- Suitable as a woodland tree, urban tree or hedgerow tree
- Suitable for areas near livestock (non-toxic)
Grown on our farm in Herefordshire. Buy with confidence - read our customer reviews.
|Product Options||Height||Age||Root Type||Specification||1+||100+||250+||Quantity Qty|
|30-40cm||1 yr||Bare Root||1+0 seedling||£0.90 (ex. VAT)||£0.80 (ex. VAT)||£0.70 (ex. VAT)||
|20-60cm||1 yr||Cell grown||cell grown||£1.40 (ex. VAT)||£1.30 (ex. VAT)||£1.20 (ex. VAT)||Out of stock | Email me when back in stock|
|40-60cm||1 yr||Bare Root||1+0 seedling||£1.00 (ex. VAT)||£0.90 (ex. VAT)||£0.80 (ex. VAT)||
|40-60cm||2 yr||Bare Root||1U1 (undercut)||£1.10 (ex. VAT)||£1.00 (ex. VAT)||£0.90 (ex. VAT)||
|60-80cm||1 yr||Bare Root||1+0 seedling||£1.20 (ex. VAT)||£1.10 (ex. VAT)||£1.00 (ex. VAT)||
We have Sorbus aucuparia bare root plants in several sizes and specifications. The 1+0 specification plants are seedlings (often called whips) which were sown from seed in the spring and are sold during the following November to April months when dormant ie they are one year old. We have Sorbus aucuparia bare root whips in several heights.
The 1U1 specification plants are seedlings/whips which were planted from seed in the spring and instead of being sold in the following November to April period they are kept in situ in our fields and grown on for a further year which makes a strong bushy plant. Their roots are undercut by specialised machine to help develop a fibrous root system.
We also have Sorbus aucuparia transplants which begin as one year old whips which are lifted, have their roots trimmed to encourage bushy growth and are then planted back out for one or more growing seasons in a different area of our fields at lower density to give each plant more space, nutrients and water. The specification 1+1 means that a one year old seedling has been grown on for an additional one year.
All of these plants are grown by us on our farm in Herefordshire.
We always have several batches of seed of Sorbus aucuparia including UK provenance and the highest quality imported seed so if the seed provenance is particularly important to you, please give us a call so that we can allocate plants from the most appropriate batch.
We also have cell grown Sorbus aucuparia plants which are grown by one of the UK's best specialist growers and these are ideal for forestry, woodland creation and amenity planting schemes. Cell grown plants are available all year round.
You can read more about the various specifications we offer in each species on the tab just below our pricing table to the right of this product description.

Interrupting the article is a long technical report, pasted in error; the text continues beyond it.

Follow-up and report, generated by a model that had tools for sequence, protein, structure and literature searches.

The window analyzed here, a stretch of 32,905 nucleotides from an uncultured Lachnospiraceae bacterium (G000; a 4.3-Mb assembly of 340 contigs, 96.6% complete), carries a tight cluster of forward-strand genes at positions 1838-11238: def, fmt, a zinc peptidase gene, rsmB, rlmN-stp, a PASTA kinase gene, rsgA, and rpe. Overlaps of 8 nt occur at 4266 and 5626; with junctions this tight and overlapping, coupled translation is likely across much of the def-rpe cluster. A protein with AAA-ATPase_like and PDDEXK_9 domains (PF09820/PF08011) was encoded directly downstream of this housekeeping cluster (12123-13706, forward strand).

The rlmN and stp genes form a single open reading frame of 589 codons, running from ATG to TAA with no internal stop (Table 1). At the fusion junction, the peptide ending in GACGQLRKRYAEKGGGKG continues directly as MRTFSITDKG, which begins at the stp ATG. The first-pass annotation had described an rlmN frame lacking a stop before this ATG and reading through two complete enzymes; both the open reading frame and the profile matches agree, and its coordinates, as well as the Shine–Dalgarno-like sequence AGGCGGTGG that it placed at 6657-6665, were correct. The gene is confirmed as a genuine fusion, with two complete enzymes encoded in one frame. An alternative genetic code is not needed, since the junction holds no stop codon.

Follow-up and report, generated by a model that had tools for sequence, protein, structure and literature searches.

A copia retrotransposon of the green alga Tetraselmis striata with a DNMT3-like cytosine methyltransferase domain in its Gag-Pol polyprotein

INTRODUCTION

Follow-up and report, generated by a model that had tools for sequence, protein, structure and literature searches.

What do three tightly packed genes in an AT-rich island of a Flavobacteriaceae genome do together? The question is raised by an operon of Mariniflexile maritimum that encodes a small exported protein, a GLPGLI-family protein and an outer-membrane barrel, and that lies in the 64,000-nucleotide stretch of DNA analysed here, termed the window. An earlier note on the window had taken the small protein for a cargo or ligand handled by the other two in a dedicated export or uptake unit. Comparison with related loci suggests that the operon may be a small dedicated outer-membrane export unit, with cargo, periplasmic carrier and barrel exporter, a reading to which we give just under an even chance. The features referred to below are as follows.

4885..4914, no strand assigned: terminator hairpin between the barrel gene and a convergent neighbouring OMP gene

Rowan (meaning "bird catching" trees from when hedgerows were netted to catch the songbirds), perhaps the prettiest of our natives trees, have the alternative name of mountain ash and that’s a dead giveaway that they do well in mountainous, high altitude situations particularly on the western side of Britain – in Scotland, the Lake District, and Wales. They don’t much like hard surfaces so are not suitable to be used as in paved urban areas and they do not grow tall enough to make a good timber tree, but they are very useful in woodland settings due to their virtually year round flowers/berries which offer terrific wildlife value. They flower profusely and their orange/red berries which hang in large bunches are much appreciated by a range of birds. There are very many cultivated varieties of Rowan tree but the one we grow is the native variety.
The wood is not renowned for its suitability for timber (Sorbus trees rarely grow to a sufficient size) but it is pliable and will not shatter under tension. A young rowan tree will bend all the way to the ground and then spring back straight again, as part of the trees' defence against wind and a function of their tensile strength.
Its upright habit makes it ideal as a hedgerow tree and its crop of red berries are very popular with blackbirds and thrushes.
Ideal conditions for Rowan trees are neutral to slightly acidic soils, well drained, moderately fertile soil but Rowan trees will grow on rocky outcrops – anything but heavy clay or very wet soils. Rowans are a pioneer species of tree so prefer open sunlight. They are good at high altitudes (hence Mountain Ash alternative name).